News vet sez money wrong motivation for merger
WASHINGTON — The first competitor to publicly question a CNN/ABC news merger, Peacock prexy Andrew Lack said Wednesday he doesn’t believe the union would save as much money as promised.
And if so, money is the wrong motivation, Lack said, during a luncheon speech sponsored by the Media Institute in downtown D.C.
“You’d hate to see deals like this come together just because of the bucks,” Lack said.
If CNN and ABC News pursue the merger, Washington pols and regulators also could have concerns.
The U.S. Dept. of Justice is likely to review the deal on a pro forma basis only. And so far, it’s unclear whether the Federal Communications Commission could invoke authority.
Lack, a news veteran, said it’s hard for him to understand how such a merger would result in additional profits of $200 million, a figure floated in recent weeks by CNN and ABC.
At least one media analyst, Tom Wolzien of Sandford C. Bernstein, agrees with Lack, saying recently that he can’t come up with a figure higher than $100 million.
An ABC news exec said Lack’s comments reflected a “very simplistic” understanding of what has been discussed. Exec said it’s not a matter of making money at the expense of quality news.
“Finances are only a part of any deal. More importantly would be the robust and resulting news organization that would cover the world in a way that no one else could,” the Alphabet exec said.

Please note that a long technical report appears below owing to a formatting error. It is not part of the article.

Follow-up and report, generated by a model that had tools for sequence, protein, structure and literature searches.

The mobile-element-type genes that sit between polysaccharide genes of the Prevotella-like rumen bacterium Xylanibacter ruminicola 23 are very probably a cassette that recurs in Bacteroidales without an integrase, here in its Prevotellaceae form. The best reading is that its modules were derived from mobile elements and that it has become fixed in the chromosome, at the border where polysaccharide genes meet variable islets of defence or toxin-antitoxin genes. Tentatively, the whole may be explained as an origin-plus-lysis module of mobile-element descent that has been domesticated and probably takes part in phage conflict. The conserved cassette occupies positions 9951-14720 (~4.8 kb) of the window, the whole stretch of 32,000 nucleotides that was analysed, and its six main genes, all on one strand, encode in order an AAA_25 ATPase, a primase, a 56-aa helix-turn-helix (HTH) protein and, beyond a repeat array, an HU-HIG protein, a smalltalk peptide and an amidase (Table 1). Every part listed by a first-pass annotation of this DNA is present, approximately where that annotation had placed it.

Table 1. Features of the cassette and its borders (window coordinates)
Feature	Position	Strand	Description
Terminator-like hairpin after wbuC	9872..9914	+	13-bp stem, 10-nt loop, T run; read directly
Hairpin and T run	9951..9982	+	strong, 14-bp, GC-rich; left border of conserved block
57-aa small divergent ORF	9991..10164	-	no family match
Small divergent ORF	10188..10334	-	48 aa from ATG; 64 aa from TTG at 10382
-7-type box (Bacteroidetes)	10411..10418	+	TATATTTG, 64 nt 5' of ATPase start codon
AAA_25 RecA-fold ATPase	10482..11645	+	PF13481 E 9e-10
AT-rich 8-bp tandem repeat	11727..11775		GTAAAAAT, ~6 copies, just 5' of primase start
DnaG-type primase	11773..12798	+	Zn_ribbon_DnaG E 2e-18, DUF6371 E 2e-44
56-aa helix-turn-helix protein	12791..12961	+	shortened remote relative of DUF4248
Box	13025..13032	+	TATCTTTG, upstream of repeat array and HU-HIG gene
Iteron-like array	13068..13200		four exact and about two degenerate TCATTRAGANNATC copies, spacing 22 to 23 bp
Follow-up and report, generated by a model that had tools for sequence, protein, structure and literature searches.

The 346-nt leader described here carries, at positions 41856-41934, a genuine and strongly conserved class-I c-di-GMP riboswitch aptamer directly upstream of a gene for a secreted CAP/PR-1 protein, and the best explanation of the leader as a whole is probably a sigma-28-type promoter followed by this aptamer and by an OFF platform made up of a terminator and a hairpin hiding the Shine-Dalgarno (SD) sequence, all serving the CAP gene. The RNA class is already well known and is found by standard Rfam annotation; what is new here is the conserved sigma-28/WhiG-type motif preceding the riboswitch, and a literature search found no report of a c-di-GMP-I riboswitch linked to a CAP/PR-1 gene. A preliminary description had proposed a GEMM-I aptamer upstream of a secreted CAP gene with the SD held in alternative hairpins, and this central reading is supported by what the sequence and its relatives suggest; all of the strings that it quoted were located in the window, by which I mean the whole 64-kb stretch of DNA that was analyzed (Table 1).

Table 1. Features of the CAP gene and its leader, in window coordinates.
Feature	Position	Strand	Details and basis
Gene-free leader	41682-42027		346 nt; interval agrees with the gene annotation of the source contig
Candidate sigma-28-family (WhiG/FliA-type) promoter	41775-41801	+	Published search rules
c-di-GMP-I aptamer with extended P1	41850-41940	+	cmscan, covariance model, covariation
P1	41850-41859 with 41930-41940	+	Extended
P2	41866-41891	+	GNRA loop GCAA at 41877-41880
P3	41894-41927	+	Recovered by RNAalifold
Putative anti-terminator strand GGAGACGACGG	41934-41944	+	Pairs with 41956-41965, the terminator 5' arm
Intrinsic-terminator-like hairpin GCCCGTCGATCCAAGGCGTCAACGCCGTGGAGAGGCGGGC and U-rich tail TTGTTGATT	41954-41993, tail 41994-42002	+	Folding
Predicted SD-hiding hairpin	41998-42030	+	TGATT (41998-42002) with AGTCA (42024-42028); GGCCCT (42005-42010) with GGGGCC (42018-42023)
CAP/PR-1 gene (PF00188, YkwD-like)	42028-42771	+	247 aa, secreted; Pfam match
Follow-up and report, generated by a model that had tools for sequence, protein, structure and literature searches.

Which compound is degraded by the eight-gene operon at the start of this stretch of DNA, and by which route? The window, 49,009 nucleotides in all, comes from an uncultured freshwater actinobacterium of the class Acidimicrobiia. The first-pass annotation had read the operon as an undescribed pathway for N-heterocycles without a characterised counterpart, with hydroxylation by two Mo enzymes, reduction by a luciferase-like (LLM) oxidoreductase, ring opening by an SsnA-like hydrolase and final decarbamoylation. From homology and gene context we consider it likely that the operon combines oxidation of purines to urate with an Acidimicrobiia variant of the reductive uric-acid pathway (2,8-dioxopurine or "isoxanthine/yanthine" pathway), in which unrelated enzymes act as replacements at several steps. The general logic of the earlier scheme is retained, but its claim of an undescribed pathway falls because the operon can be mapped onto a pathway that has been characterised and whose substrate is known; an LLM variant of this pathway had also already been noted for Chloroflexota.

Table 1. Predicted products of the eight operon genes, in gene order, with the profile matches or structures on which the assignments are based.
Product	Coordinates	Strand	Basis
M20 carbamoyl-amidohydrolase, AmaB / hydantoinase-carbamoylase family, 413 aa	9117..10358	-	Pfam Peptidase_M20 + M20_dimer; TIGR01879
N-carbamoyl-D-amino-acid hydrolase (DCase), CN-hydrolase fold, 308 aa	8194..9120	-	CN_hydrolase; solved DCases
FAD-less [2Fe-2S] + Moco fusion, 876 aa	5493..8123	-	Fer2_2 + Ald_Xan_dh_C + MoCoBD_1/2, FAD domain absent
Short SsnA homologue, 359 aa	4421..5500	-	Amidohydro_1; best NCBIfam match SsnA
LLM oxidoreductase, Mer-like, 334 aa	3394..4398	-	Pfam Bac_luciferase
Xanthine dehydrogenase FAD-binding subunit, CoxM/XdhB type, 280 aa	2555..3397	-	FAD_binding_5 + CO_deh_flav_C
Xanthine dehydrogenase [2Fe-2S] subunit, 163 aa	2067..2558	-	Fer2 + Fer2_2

CNN and ABC insiders say the odds are 50-50 that ABC would indeed spin off its news division to a joint-venture news company controlled by CNN.
During his luncheon chat, Lack said such a merger is borrowing from the model set up by NBC when it created the cable news net, MSNBC.
ABC and CNN execs say their union would go quite a bit further, considering that CNN is the largest electronic newsgathering org in the world.
Auds like talk format
When asked about MSNBC’s trailing ratings, Lack said viewers are flocking to the news talk format so popular on Fox News Channel and CNN. He said auds have wanted more news analysis since the 9/11 terrorist attacks.
Lack said there is constant discussion within MSNBC about whether to do more news talk programming.
Ultimately, Lack said he’s confident MSNBC will get through this “bad patch.”